There is an innate sense of poetry in architectural drawing, affording creatives the opportunity to collate their ideas through graphic expression and coherently wax lyrical on the tumultuous flood of thoughts performing cognitive contortions in their minds. Structure, meaning, narrative, and rhythm must all be considered when creating a drawing, so that its legibility extends to all that view it and more importantly, its aesthetic quality stirs strong sentiments within them. Hence, beyond the primary objective of communicating the conceptual underpinnings and technical specifications that can be used to turn representation into reality, there is also an aesthetic dimension to this subcategory of visual art, a beauty that transcends its functionality, much like the subject it is trying to convey.
When talking of poetry and architecture, there is a singular individual whose figure rises above the rest in the annals of history. A man who revered critic Ada Louise Huxtable described as a “poet who happens to be an architect,” Aldo Rossi’s name is forever etched among the pantheon of 20th century masters, his legacy built on an emotionally poignant and metaphysical outlook on architecture that has continued to impact designers over generations, even after his passing. Equally celebrated for the depth of his professional oeuvre as well as his contributions to architectural theory, the Pritzker Prize winning architect’s ideation, studies, and ruminations were almost inevitably given life through the medium of drawing—an aspect of his practice that has also garnered him much praise and recognition over the years.
In Berlin, an ongoing exhibition at the Tchoban Foundation – Museum for Architectural Drawing probes into this aspect of Rossi’s practice with over 110 graphic works and drawings on show from the late Italian architect’s archives. Co-curated by Nadejda Bartels, Director of the Tchoban Foundation, and Chiara Spangaro, Director of Fondazione Aldo Rossi, the exhibition is titled Aldo Rossi. Insulae. On view from February 4-May 14, 2023, the three-part showcase presents an in-depth look into Rossi’s various approaches to architectural representation and how it could be used to both study the past and infuse the inferences so obtained into new built forms.
Derived from the Latin word for “island,” the term insulae was also used to allude to a traditional method of construction for freely standing Roman houses, that Rossi often implemented into his own work. Each of the architecture exhibition’s three segments illuminate how the diversity of Rossi’s contributions have been expressed through his relationship with drawing. However, they are all united by his love for bold colours, geometric design motifs, distinct sense of form, use of analogy and historical references, and most prominently, the inherent sense of poetry in his style, which took the à la mode and sculpted it into a new ideal, founded in his perspectives on the past, which were reimagined for the present to persist into the future.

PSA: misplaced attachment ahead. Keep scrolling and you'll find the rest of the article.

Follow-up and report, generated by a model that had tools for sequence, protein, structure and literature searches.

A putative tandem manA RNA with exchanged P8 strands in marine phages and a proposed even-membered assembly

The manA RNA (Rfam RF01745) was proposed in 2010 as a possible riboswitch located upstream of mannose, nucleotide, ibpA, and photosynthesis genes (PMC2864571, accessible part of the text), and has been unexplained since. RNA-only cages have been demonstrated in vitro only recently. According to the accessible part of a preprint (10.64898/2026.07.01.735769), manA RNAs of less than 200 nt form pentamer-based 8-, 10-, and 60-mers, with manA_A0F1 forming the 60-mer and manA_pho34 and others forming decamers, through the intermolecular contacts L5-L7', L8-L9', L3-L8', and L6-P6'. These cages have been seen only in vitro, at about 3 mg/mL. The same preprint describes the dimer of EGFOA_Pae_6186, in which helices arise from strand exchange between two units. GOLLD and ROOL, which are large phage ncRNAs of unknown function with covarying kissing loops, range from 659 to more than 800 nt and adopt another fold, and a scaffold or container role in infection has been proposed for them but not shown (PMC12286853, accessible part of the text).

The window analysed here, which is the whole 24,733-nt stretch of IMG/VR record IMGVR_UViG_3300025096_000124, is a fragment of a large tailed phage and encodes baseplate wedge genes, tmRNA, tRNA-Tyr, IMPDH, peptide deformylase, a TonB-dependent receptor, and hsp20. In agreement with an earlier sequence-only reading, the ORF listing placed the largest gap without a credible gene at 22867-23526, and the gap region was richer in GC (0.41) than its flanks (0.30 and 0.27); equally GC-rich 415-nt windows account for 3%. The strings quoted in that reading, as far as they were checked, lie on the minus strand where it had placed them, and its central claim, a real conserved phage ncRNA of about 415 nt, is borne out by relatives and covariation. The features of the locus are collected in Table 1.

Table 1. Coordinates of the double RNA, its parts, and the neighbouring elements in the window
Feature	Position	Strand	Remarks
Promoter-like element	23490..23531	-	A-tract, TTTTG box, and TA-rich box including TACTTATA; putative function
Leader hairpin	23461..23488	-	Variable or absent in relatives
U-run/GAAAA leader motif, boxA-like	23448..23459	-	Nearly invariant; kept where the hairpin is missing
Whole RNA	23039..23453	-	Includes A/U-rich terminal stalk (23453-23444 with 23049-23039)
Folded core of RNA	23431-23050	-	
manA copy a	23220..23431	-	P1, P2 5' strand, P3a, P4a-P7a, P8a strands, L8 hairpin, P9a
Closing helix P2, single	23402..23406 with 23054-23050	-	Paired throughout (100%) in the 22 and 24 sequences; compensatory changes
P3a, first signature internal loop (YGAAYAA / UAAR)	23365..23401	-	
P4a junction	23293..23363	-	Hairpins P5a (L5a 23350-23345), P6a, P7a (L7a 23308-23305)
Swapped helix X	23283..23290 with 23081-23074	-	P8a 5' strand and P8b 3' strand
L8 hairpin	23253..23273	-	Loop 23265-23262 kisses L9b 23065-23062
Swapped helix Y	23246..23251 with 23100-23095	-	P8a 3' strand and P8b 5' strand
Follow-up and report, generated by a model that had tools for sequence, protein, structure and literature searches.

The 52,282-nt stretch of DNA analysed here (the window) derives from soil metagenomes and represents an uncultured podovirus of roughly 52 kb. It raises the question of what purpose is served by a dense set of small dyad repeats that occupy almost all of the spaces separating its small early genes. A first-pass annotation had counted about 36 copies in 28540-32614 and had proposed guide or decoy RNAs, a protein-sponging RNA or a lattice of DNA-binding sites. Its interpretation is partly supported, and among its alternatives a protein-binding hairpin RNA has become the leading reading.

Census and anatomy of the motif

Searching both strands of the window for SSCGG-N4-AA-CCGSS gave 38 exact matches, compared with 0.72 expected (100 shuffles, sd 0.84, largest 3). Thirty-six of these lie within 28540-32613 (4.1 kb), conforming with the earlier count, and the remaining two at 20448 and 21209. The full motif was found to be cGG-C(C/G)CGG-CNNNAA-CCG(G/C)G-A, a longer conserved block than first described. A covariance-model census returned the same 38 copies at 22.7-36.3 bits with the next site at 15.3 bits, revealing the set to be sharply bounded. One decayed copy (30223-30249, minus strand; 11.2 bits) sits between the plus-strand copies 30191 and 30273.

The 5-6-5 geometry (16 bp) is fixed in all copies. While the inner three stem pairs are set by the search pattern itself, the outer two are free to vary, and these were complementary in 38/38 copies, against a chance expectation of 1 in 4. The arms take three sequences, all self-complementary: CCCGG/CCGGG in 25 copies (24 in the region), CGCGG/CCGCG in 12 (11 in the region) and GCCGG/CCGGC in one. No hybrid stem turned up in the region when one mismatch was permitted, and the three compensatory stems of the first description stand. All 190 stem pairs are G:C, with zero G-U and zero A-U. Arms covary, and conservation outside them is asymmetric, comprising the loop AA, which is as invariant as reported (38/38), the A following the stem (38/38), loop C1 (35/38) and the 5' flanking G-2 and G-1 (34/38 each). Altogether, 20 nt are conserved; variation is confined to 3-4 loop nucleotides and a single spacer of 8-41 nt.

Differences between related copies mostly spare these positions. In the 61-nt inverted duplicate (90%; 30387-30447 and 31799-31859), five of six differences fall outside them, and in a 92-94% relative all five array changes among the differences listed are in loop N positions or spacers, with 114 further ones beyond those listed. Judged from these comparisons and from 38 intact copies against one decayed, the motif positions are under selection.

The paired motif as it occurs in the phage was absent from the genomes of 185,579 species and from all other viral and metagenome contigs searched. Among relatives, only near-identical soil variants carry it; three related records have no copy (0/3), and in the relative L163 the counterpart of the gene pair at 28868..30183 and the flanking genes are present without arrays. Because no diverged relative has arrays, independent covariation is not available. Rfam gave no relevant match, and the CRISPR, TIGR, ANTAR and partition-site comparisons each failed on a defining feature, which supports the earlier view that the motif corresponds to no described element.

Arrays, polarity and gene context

For instance, the first among the trio is Corpus Mediolanensis, which comprises prints that Rossi coloured and redrew between 1986 and 1987, affording a glimpse of nearly 30 years of his practice, as he perceived through his own eyes, in a more intimate and personal light. Next comes Insula, composed of Rossi’s reinterpretations of models documenting the work of Baroque-era artists such as Giovanni Battista Piranesi and Claude Lorrain, which grants insight into how Rossi developed his own architectural language by drawing from volumes such as triangles, cylinders, and cuboids, that were all prominent architectural forms in antiquity. This was a stark contradiction to the cultural inclinations of the 1970s, when most designers were trying to form wholly new approaches centred on modernity. Rossi, on the other hand, found his inspiration in the past. Finally, the third section is a peek into Rossi’s work in the city of Berlin, covering both his built projects, and unbuilt concepts, which together define a significant part of his glittering body of work. To garner more insight into these aspects of the great architect’s mind, STIR spoke to Nadejda Bartels and Chiara Spangaro on the story behind the exhibition, as well as the forces that shaped Rossi’s graphic investigations and scrutinisation of classical and contemporary architecture.
Jerry Elengical: What were the origins of this exhibition?
Nadejda Bartels: The origins of the show stretch back to approximately 2019 when Vera Rossi and Chiara Spangaro came to our museum, after gallery owner Antonia Jannone from Milan introduced Vera to Sergei Tchoban. Our museum seemed to be an ideal place for this collaborative project to showcase drawings by Aldo Rossi, and this is how it all started.